WESTERN SUMMIT EXAMINES IMPACT
OF SMALL BUSINESS, ENTREPRENEURSHIP
Winston-Salem Mayor Allen Joines Asheville Mayor Charles Worley
Winston-Salem Mayor Allen Joines (left) and Asheville Mayor Charles Worley (right) discussed strategies adopted by their cities to boost entrepreneurship.

CULLOWHEE - Nearly 500 people from all walks of life gathered Wednesday, Nov. 19, at Western Carolina University to exchange ideas on how individual entrepreneurial spirit and the development of small businesses may offer the best hope for a North Carolina economy battered by the loss of thousands of industrial jobs.

“In North Carolina, 60 percent of all new jobs are created by small business, and in some states that percentage is as high as 75 percent,” Clifton Metcalf, Western’s vice chancellor for advancement and external affairs, said in remarks opening a daylong conference titled “Catching the American Dream: A Summit on Entrepreneurship.” “Partners from government, business, education and all sectors must create a better environment for entrepreneurship, for the creation of news businesses and new jobs.”

Much of the event, sponsored by WCU’s Public Policy Institute and held in the Ramsey Regional Activity Center, centered on examples of entrepreneurial success stories. The founders of three flourishing Western North Carolina businesses - Roger Bartlett of Western Builders, Leanne Campbell of Blue Ridge Motion Pictures and Payson Kennedy of Nantahala Outdoor Center - provided a first-hand look at the trials and tribulations of growing a new business.

Jim and Jo Ann Carland, co-directors of Western’s academic programs in entrepreneurship, discussed how many small business ventures fail because the entrepreneur has the dream and the desire, but not the skills. “Just because you like to cook doesn’t mean you can run a restaurant,” Jim Carland said.

Asheville Mayor Charles Worley and Winston-Salem Mayor Allen Joines discussed strategies adopted by their cities to boost entrepreneurship.

“Political leadership matters in entrepreneurship because it matters in economic development in general,” Worley said. “The recruitment of new industry is traditionally what has been called economic development in the past. But we also need industrial retention and expansion, and we need tourism, sports, the arts, retirees, and small business and entrepreneurial development. Political leadership is absolutely critical if there is going to be sustained growth in all these forms of economic development.”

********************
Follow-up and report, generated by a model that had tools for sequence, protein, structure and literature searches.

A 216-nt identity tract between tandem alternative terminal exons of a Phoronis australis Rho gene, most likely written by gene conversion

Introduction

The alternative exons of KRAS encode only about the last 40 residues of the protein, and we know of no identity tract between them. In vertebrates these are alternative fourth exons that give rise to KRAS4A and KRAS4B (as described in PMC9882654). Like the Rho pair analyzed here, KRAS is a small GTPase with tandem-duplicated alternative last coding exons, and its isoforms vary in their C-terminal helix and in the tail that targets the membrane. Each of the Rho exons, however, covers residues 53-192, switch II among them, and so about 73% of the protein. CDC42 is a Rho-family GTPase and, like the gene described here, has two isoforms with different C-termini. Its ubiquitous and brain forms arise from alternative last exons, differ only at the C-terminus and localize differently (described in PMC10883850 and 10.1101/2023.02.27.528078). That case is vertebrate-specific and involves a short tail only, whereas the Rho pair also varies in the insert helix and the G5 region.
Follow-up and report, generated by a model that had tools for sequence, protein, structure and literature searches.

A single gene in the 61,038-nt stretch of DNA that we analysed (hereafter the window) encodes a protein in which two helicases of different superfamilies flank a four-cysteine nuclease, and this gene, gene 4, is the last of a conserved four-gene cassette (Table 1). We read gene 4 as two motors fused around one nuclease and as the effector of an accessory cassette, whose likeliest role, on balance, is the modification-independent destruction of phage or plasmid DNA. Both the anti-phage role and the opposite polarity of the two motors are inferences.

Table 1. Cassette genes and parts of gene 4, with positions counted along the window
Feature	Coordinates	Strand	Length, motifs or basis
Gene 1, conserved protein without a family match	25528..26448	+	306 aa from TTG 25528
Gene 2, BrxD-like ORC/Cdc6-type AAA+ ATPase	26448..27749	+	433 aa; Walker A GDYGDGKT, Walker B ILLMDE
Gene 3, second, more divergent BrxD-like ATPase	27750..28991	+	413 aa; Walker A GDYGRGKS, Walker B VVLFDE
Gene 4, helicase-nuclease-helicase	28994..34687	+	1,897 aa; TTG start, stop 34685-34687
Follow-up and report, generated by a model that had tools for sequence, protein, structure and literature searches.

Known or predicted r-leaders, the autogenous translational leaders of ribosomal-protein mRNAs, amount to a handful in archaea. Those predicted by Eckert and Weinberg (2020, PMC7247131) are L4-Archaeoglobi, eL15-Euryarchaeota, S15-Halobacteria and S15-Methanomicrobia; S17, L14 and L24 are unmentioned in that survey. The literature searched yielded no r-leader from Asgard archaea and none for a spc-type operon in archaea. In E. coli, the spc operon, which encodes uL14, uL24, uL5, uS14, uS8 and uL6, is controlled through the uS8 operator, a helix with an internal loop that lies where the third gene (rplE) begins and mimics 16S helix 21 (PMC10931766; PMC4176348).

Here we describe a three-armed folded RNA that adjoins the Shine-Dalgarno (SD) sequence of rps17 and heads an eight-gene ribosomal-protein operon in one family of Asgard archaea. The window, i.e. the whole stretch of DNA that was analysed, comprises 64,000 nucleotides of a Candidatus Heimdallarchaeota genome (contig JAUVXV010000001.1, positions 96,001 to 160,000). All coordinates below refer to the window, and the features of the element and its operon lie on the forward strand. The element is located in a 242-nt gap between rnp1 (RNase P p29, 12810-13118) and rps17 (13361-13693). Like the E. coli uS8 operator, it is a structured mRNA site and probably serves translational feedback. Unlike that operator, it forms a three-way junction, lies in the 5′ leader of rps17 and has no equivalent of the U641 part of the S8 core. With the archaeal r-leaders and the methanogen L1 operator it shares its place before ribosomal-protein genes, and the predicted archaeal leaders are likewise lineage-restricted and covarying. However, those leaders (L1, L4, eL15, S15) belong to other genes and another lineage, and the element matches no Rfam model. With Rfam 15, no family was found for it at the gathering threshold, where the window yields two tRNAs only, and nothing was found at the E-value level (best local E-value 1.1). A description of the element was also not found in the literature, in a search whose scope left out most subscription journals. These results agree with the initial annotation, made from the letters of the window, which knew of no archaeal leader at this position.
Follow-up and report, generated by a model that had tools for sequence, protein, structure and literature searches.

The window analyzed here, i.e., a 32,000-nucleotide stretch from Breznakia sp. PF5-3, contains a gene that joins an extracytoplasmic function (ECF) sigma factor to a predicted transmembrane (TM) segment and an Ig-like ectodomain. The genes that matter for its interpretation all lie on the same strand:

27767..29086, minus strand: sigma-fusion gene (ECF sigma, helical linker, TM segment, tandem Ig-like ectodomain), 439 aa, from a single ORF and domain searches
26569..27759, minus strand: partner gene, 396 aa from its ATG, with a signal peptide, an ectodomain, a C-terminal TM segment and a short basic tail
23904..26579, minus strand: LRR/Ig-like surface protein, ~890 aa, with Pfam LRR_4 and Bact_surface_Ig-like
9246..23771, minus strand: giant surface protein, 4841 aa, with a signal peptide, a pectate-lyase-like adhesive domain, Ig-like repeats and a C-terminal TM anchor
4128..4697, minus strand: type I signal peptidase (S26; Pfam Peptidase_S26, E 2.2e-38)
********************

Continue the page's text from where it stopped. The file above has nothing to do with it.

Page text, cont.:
Joines described steps being taken in the Winston-Salem area to recover from the loss of thousands of jobs in the tobacco, textile and furniture industries. Those include creation of the Triad Entrepreneurial Initiative, a $2 million, five-year program involving business and government leaders across 12 counties that provides grants, incubator space, training, mentoring and other assistance to developers of new small businesses. “The media has described it as the first meaningful collaborative effort among the private sector, perhaps ever,” he said.

In the summit’s keynote address, former N.C. Gov. James Martin commended the efforts of entrepreneurs, but also reminded the crowd that small business is one part of what should be a broad-based economic development strategy.

“Some people are saying, ‘don’t worry about industry or big business because that buffalo hunt is over.’ I disagree,” Martin said. “You have to stand up for jobs in Western North Carolina, for big business, small business, any size business in between. We need high-tech, low-tech, medium-tech, or there won’t be any new jobs in the region.”

Martin called for a more “business friendly climate” in North Carolina, criticized the state’s tax structure and regulatory agencies as harmful to business and industry, and reminded the crowd of a slogan adopted during his tenure as governor: “North Carolina means business.”

“Does North Carolina still mean business, or is North Carolina just mean to business? Or, is the truth somewhere in between, and we treat business with benign neglect?” he said, urging a change in the business climate. “If all we have is service jobs, if we’re doing each others’ laundry, cutting each others’ hair, and burying one another, all we are doing is recycling the wealth. We’re not creating new wealth. If you want to create wealth, you’ve got to make it, grow it, mine it, film it, whatever. You’ve got to create something to create wealth.”

The day concluded with a panel discussion involving leaders from the public and private sectors examining possible new entrepreneurial strategies for the mountain region. A policy report will be issued at a later date.


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Last modified: Thursday, March 27, 2014 | Originally published: Thursday, November 20, 2003
Copyright 2003 by Western Carolina University